The Federal Trade Commission's crackdown on credit card fraud has reached into Canada. According to FTC officials, a federal district court in Chicago froze the assets of a company using robodialers to pitch consumers on a program to reduce their credit card interest rates. Investigators charge that the company pocketed almost $13 million in fees from customers who thought they were responding to a legitimate offer of a nationwide credit card bailout.

In a statement to reporters, the FTC revealed that the defendants operated "boiler room" call center operations in Orlando, Florida, but that the company's main offices in Toronto and Rochester maintained the automatic dialers. Operating under at least ten assumed company names, the defendants at AFL Financial Services allegedly used robocalls to contact consumers on that National Do Not Call Registry and that its claims violated the FTC's Telemarketing Sales Rule. Although the robocalls claimed that customers could save $2,500 or more in credit card finance charges, FTC officials advised consumers that only lenders could make such changes to their account terms.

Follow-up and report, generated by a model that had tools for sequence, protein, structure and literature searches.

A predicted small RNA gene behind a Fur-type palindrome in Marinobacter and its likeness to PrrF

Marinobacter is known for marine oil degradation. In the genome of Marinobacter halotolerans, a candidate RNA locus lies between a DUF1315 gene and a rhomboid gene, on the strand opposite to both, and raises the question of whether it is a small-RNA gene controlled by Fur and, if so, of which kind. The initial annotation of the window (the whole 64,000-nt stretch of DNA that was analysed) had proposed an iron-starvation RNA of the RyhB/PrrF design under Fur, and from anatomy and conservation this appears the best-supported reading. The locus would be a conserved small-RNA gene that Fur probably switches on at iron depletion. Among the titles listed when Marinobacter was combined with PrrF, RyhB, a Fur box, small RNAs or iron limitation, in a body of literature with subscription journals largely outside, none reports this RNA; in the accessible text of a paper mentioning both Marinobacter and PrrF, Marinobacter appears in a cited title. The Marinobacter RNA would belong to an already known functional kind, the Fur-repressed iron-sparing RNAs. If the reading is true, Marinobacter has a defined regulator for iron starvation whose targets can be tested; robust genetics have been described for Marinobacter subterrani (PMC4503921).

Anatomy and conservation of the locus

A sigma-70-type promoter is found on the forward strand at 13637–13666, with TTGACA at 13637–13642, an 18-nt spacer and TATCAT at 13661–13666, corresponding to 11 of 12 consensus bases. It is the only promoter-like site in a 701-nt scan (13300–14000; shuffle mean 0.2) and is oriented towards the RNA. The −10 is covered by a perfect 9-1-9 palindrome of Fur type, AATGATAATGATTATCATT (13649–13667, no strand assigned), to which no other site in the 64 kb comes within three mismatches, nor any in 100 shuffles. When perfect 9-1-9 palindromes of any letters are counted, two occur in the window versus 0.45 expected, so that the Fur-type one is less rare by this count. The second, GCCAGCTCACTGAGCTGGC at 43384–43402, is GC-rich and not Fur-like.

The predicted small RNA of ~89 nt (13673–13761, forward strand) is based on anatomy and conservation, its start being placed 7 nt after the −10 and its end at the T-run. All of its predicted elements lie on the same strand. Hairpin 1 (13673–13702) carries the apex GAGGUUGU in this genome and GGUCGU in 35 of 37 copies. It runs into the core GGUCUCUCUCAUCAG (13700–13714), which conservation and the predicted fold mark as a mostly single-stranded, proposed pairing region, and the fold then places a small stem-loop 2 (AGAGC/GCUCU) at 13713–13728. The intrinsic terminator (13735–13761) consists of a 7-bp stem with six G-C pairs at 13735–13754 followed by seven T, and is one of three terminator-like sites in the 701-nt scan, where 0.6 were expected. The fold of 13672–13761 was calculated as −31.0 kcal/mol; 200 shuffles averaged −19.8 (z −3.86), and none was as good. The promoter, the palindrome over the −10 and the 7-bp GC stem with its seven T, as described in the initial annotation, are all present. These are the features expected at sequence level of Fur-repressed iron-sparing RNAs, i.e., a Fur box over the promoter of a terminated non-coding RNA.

About the Author


Joe Taylor Jr. is an internal business consultant for a Fortune 500 company, who writes about finance, culture, and design. He holds a Bachelor of Science in Communications from Ithaca College.